Sourdough Starter Smells like Vinegar

When your sourdough starter smells strongly like vinegar you likely have an unbalanced starter but luckily this can be easily remedied. During fermentation, the bacteria and natural, wild yeast in your starter break down the sugars (carbohydrates) in the flour into ethanol and carbon dioxide. The carbon dioxide gas is what produces the air bubbles that cause the starter to expand and rise during the feeding process.

The ethanol is one of the components that produce the sour smell of sourdough, and in some cases, the starter smells strongly of vinegar. The sourdough starter can also sometimes smell like acetone, nail polish remover, alcohol (beer or wine), or even fruit. All of this is perfectly normal and no reason to toss out your sourdough starter. Your starter has not died, it is just out of balance, but the microbial environment creating these smells will eventually be adding delicious flavor to your bread!

How do you fix a sourdough starter that smells like vinegar?

It’s easy to fix your sourdough starter when it smells like vinegar, however, you need to diagnose the exact problem first. (And if your starter smells like something else be sure to check out our guide.) Sourdough culture produces two main acids: lactic acid and acetic acid. Acetic acid (ethanol) is essentially a precursor to vinegar and gives the sourdough bread its sour and tangy flavor. However, when the vinegar smell is too strong you need to adjust your starter.

1. Feed your sourdough starter more often

In most cases, you need to feed your sourdough starter more often to fix the vinegar smell. What’s happening is that your sourdough culture, a mix of bacteria and yeast, is eating the carbohydrates in the flour quickly and leaving a vinegar smell through the production of acetic acid. If you’re feeding your starter once a day try increasing that to twice a day. After a few days, in most cases, the vinegar smell of your starter will be gone.

If you don’t feed your sourdough starter at all then the microculture of yeasts, bacteria, fungi, and enzymes begins to break the structure of the food (flour) into its component parts, liquid, solid, and waste. You want to avoid this as it won’t be a useful starter for creating sourdough bread, and will often create a pungent or vinegary smell. However, even a starter in this state can be saved by putting it back on a regular feeding schedule. Simply pour off any liquid and stir the rest of your starter until you have achieved an even consistency. Then commence your normal sourdough starter feedings and it should bounce back and be ready to bake within a week or two.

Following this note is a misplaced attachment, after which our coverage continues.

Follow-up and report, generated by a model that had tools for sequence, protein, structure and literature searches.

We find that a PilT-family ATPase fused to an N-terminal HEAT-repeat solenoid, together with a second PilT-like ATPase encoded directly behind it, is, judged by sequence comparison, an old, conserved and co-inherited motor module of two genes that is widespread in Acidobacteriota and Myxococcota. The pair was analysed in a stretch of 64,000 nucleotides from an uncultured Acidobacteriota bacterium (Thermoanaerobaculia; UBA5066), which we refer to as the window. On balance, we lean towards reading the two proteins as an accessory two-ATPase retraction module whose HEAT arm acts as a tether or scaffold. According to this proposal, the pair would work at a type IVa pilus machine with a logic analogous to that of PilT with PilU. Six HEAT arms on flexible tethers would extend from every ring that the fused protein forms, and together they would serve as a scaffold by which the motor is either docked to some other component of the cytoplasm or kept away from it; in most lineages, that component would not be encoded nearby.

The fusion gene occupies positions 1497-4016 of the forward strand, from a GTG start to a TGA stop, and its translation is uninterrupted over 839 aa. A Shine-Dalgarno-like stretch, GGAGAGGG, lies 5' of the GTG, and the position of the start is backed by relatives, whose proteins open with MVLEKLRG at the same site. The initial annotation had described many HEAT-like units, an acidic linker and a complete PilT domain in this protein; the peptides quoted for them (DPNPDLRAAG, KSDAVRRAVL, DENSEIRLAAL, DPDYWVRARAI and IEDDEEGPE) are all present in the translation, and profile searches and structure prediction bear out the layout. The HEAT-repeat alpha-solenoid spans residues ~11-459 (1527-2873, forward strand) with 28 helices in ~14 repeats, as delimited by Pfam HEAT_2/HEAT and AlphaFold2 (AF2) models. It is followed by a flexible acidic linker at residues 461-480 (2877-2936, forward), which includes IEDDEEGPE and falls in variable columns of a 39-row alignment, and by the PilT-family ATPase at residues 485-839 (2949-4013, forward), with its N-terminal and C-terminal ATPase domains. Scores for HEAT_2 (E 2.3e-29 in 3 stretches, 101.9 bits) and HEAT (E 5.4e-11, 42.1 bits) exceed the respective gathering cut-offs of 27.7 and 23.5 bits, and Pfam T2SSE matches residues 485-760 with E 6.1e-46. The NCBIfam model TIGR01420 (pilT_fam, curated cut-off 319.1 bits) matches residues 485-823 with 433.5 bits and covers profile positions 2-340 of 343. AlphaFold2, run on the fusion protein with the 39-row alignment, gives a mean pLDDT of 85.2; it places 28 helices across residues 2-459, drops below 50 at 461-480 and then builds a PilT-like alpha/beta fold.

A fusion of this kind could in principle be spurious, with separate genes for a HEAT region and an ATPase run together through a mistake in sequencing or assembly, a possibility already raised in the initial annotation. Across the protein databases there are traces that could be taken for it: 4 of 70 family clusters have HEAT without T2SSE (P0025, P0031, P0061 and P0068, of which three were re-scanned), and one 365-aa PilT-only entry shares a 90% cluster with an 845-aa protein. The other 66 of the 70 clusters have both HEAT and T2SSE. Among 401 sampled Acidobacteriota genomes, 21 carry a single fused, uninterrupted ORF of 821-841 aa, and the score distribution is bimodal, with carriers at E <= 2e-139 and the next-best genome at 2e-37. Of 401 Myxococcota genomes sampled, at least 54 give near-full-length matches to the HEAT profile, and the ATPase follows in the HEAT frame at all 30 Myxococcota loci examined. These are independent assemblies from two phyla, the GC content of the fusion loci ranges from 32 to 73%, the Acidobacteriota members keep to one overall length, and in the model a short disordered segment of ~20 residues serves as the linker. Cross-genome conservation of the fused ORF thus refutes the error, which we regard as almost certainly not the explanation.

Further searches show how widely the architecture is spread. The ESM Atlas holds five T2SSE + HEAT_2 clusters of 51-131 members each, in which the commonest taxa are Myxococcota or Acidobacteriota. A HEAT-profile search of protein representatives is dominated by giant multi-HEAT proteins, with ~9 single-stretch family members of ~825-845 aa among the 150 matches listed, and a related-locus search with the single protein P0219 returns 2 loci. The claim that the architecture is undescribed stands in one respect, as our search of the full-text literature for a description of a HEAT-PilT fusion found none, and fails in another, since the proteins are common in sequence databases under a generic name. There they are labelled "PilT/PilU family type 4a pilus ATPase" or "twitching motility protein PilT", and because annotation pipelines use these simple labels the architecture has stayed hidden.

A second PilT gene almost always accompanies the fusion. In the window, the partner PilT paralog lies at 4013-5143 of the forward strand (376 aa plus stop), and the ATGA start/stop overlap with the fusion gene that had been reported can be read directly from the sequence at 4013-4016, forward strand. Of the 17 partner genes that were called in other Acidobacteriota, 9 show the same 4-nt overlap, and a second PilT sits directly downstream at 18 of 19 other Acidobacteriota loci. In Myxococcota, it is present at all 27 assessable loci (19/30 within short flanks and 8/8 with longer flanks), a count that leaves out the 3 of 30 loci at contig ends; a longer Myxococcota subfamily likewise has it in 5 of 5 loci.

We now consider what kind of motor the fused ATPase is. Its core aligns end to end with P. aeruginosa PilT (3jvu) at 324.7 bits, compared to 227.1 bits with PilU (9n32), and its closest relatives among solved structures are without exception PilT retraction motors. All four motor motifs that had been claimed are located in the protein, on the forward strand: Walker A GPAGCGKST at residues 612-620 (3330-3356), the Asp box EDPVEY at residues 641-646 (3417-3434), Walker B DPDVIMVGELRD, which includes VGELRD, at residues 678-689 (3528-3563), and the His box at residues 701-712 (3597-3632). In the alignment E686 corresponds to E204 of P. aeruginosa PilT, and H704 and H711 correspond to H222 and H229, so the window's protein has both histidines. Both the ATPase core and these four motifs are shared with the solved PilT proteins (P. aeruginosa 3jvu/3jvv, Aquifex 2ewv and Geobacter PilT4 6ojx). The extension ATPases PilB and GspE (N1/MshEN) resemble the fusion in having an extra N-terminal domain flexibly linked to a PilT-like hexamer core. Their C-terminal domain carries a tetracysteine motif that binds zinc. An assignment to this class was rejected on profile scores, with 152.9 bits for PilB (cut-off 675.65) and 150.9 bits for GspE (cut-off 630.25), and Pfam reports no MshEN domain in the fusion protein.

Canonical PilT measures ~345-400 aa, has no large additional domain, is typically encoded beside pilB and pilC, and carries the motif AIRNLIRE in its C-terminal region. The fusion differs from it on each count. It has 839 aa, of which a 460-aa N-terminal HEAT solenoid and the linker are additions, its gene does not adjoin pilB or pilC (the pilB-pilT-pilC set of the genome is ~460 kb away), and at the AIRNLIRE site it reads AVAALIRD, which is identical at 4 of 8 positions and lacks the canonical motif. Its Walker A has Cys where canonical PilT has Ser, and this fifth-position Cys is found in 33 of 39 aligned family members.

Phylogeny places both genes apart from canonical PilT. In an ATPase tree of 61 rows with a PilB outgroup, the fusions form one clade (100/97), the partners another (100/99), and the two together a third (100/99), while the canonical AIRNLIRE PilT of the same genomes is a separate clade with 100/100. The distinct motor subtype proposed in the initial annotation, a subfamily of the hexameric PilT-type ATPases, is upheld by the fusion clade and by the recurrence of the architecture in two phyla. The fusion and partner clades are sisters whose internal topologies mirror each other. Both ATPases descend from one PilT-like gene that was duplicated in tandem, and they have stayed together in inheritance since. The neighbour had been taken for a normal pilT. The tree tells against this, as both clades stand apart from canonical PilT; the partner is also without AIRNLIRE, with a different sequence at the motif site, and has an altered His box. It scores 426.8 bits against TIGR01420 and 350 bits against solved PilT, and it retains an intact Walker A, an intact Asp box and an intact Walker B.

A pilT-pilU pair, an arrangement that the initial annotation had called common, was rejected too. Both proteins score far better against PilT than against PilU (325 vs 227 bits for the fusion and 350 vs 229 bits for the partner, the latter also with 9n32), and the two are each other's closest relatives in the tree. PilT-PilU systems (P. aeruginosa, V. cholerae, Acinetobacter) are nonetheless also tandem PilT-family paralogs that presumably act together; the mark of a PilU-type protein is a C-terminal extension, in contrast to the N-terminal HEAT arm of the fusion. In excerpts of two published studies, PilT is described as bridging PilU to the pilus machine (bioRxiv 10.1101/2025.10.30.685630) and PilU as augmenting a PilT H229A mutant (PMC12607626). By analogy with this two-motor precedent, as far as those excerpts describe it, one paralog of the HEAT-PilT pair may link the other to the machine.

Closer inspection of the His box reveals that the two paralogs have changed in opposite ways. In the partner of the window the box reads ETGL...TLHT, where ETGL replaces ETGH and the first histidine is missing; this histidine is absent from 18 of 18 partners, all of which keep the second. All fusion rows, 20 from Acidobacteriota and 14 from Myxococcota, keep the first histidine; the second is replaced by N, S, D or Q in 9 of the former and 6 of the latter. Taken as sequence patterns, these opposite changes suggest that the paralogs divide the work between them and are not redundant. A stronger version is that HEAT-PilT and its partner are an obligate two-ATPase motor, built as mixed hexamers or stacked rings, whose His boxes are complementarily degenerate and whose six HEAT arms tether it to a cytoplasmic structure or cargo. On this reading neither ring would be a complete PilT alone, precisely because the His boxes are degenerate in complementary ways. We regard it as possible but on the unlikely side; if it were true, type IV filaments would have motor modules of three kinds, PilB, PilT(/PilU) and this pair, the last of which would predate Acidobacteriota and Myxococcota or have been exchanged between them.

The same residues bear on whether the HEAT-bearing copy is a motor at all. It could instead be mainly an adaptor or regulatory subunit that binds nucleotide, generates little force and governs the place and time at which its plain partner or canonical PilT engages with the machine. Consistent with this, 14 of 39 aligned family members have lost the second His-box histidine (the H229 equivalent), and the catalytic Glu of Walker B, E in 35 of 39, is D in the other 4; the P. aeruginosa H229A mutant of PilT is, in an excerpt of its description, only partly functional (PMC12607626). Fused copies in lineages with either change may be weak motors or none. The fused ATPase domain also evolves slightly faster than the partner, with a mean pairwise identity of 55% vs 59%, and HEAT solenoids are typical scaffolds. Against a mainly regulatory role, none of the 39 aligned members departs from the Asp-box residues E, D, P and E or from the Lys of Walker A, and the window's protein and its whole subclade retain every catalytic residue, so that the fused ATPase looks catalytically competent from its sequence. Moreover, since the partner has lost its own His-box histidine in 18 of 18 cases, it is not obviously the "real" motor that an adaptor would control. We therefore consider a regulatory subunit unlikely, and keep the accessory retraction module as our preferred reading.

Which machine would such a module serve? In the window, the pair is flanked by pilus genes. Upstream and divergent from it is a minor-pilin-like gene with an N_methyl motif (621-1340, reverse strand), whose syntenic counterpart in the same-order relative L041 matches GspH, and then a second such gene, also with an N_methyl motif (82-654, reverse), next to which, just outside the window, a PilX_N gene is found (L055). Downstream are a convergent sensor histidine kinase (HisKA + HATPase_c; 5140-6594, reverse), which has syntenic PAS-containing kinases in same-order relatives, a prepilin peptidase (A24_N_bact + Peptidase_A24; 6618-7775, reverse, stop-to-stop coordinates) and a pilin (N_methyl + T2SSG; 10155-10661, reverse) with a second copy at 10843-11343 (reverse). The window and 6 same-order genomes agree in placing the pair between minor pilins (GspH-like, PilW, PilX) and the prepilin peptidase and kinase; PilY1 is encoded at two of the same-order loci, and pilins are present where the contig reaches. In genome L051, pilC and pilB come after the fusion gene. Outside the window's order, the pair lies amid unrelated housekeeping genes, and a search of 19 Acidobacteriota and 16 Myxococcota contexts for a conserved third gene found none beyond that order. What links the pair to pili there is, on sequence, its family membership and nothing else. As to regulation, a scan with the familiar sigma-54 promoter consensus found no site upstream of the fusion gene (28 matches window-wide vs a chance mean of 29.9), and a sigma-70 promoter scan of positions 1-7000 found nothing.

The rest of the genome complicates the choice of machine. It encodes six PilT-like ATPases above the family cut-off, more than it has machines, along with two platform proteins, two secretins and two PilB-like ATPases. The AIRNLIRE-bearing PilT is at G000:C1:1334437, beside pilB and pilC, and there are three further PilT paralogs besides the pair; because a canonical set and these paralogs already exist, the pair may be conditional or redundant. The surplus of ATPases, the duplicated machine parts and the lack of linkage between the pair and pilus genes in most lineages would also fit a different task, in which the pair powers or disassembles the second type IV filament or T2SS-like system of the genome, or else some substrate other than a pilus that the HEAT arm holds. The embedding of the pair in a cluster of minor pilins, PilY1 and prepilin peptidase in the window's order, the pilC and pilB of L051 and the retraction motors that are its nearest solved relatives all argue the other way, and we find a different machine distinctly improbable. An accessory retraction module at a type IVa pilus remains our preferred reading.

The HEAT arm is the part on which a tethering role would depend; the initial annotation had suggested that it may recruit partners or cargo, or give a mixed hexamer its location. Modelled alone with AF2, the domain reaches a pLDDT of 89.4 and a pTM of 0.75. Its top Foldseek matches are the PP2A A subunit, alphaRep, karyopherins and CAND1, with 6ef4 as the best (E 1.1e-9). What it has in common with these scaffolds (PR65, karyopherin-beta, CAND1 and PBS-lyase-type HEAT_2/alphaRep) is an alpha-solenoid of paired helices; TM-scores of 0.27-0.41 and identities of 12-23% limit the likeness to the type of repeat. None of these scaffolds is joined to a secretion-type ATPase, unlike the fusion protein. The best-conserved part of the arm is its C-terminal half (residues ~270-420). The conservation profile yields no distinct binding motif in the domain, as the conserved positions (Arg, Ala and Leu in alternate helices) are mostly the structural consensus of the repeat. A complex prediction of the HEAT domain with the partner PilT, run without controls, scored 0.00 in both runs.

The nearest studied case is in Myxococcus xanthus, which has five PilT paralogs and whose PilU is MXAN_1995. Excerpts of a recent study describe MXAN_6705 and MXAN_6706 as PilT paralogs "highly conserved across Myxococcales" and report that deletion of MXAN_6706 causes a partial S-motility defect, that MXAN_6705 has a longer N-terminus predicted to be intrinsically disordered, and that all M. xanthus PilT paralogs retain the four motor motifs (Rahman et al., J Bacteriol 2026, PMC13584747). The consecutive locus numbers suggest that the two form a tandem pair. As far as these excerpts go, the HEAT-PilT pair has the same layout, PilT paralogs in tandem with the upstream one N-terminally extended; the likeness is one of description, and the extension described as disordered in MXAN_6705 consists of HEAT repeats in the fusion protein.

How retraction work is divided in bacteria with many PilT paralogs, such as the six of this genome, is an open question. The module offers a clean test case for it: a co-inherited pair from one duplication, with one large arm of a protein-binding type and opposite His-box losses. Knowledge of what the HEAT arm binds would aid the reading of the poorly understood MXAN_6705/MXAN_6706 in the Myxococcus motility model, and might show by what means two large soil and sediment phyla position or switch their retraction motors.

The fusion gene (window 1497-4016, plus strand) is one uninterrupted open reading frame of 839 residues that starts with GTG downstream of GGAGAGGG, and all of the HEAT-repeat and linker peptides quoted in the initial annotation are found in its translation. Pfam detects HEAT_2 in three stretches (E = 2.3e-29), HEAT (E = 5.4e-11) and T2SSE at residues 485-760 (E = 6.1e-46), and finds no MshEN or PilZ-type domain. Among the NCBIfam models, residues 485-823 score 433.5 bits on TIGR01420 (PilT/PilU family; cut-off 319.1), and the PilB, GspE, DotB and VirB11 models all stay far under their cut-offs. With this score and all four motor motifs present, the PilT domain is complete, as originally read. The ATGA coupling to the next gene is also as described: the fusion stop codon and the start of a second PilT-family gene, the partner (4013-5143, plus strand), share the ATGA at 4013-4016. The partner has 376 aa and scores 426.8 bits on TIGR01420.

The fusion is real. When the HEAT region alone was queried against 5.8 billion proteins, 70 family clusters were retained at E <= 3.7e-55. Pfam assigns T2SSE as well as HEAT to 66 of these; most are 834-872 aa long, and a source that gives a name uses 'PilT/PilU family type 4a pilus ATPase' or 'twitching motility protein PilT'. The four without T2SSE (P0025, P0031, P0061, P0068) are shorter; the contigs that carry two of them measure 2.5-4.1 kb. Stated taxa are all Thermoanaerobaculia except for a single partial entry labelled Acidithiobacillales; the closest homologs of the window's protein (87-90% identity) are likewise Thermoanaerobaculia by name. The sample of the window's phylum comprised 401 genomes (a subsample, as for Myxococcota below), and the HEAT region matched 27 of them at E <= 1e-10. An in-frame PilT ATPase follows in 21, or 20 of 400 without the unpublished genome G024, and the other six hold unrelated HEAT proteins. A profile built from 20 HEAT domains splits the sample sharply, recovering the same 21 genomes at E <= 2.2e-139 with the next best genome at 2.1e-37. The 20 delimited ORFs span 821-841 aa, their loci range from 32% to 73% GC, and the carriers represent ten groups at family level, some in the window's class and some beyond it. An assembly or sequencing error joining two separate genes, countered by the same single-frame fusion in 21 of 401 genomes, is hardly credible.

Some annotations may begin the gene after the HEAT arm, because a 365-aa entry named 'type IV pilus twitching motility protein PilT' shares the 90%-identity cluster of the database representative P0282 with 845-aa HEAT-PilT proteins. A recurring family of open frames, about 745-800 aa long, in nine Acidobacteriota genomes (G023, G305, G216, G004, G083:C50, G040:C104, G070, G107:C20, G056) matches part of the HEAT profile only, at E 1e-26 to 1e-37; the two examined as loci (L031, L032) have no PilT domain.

2. Adjust the temperature of your sourdough starter

A warmer sourdough starter is a more active starter and will eat through the nutrients of the flour feedings more quickly than a cooler starter. If you can adjust the temperature of the environment of your sourdough starter, try bringing it down a couple of degrees. If you aren’t able to do this, you may need to increase your feeding schedule to adjust.

You should avoid storing your sourdough starter at temperatures above 90°F or 32°C as this will encourage too much microbial growth and may be the cause of the vinegar smell. A sourdough starter that is too hot will eat the flour quickly and produce a vinegar smell at times.

Ideally, you can find a controlled environment in your home where you can keep your sourdough starter at or below 77°F or 25°C.

3. Change the flour you feed your sourdough starter

Different types of flour can speed up or slow down how quickly your starter consumes the nutrients.

Whole grain flour is more nutritious for people, but also the microbial environment of your sourdough. This increased nutrition causes the bacteria and yeast to become more active (similar to the effect of a warmer temperature), which in turn makes the culture eat more quickly and produce a stronger vinegar smell sooner. Changing to all-purpose flour will slow down the rate of consumption of your sourdough starter and can fix the vinegar smell.

4. Make sure your sourdough starter has enough air in its container

A sourdough starter is an aerobic fermentation so you need to make sure it has enough oxygen present to be healthy. To do this, simply make sure there is at least the same amount of air as there is starter in your jar. A sourdough starter jar that is filled to the top will not have room to expand and double in size, but more importantly, won’t even be able to do so because it will be starved for oxygen. Instead, an anaerobic fermentation will take place (with no oxygen) which can cause bad smells like a strong vinegar scent, and not produce a healthy starter required to bake sourdough bread. Patience here is key. If you have to transfer the starter to a new jar make sure it is clean and has plenty of room for air, and then give yourself 1-2 weeks to get the starter back into baking shape.

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